Farmers are intimately linked to climate and nature. Their livelihood depends on it. But there is also a passion for caring for the living world that surrounds us. There is much common ground to be found in this shared love of the land. Similarly, if regenerative agriculture is increasingly being spoken about in ‘right-wing settings’, could this be seen as an opportunity to push on another door, rather than a threat?
Caring for nature is essential to our collective wellbeing, as is caring for one another. At Feeding Ourselves, the irrepressible catering team includes young people who have come to the ecovillage to “escape the rat race” in Dublin and other cities – calling into question another narrative, that of urban-rural divide. There is dignity in the work of feeding good, locally sourced food to people who appreciate where their food comes from, and this team clearly takes pride in it.
“Can you bring everybody up a little bit together?”
Pride in “our indigenous superfoods” can be another entryway to changing the narrative. What is good food? Nutrition, soil biology and heritage all play a part. Across the water in the UK, the concept of food equality is gaining traction.
In Ireland, the notion of care permeates the concept of Food Hubs, which aim to benefit the entire local economy: “Can you bring everybody up a little bit together?”
Here in the ecovillage, the food hub made the choice to prioritise local over organic. Local ladies in Cloughjordan town bake cakes that are sold through the platform. Giving local producers a route to market is considered more important than insisting on certified organic ingredients.
The Cloughjordan food hub also carries local crafts. Customers pick up their purchases in the WeCreate enterprise centre, venue for the annual Feeding Ourselves extravaganza, and a hive of innovation and creativity all year round. Local youngsters came with an idea of upcycling metal scraps from the Fab Lab into keyrings. The idea grew into a microbusiness thanks to this route to market.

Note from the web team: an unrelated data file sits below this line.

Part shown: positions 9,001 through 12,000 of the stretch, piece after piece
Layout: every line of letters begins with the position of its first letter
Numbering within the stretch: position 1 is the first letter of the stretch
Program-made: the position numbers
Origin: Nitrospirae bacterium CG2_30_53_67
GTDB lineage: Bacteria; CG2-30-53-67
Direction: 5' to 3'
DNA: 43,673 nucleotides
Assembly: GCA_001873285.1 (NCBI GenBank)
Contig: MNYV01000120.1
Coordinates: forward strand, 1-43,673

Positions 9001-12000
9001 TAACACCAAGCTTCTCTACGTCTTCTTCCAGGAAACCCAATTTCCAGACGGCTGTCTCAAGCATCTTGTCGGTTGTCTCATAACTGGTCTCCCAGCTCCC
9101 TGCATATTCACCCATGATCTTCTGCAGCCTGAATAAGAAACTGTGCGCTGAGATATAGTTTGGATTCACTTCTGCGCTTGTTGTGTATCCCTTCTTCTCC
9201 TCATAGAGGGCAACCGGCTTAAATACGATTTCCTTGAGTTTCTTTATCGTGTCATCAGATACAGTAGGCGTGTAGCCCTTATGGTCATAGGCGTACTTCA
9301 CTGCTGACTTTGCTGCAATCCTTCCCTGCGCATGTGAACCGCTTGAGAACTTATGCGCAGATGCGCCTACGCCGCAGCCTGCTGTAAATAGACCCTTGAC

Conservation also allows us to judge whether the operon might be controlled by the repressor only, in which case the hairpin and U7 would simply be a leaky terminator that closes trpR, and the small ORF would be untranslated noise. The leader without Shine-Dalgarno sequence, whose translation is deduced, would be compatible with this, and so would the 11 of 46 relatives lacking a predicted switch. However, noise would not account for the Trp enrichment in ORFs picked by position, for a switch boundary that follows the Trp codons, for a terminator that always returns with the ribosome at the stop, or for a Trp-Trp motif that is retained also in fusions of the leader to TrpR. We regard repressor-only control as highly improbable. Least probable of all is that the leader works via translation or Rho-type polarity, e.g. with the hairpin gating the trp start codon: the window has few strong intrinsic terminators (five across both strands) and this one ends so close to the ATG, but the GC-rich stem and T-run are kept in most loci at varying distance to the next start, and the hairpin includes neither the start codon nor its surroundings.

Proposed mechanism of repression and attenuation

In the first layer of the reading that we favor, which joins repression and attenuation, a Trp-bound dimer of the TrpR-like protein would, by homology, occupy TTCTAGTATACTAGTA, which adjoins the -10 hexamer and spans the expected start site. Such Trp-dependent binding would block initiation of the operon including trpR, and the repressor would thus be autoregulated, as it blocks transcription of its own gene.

Feeding more than our bellies
Food feeds more than our bellies; it’s key to our shared humanity and our connection to the natural world. At Feeding Ourselves, diversity of representation is echoed by ecological diversity on farms, as well as farmers diversifying their activities.
All together it makes a kind of magic that’s hard to put into words. It looks like a rainbow of wildflowers from a ‘seed to sweater’ plant dye workshop. It smells like a hearty bowl of soup made from vegetables harvested early this morning in this place, and freshly baked sourdough from the village bakery. It tastes like the hoppy terroir of Maurice Deasey’s beers produced right here in North Tipperary, in his on-farm brewery and malthouse, and presented to us with palpable pride.
It sounds like deep listening and the call of the curlew, listening to each other and to the more-than-human, before it’s too late, before divides become irreconcilable, and before crises overwhelm us. And echoing back what we’ve heard as beautiful music that honours the butterfly, the swallow, performed by local musicians whose ears are attuned to the nature that surrounds them here in the Irish midlands.
It feels like dancing together after an intense and invaluable day of conversations. To bring as many people as possible on board, you have to make it fun – as our friends in Plessé reminded us. We all got to dance that night. The door to the dance floor was wide open.
These visceral shared moments serve to cement connections. It’s more urgent than ever to find common ground, as we face into the multiple crises of climate change, biodiversity, pollution and cost of living. Love for the land and for the life support systems of our planet are fertile ground on which to start. Like the farmers at Feeding Ourselves, the movement is diversifying to become stronger and more resilient. Let’s keep opening that door a little wider.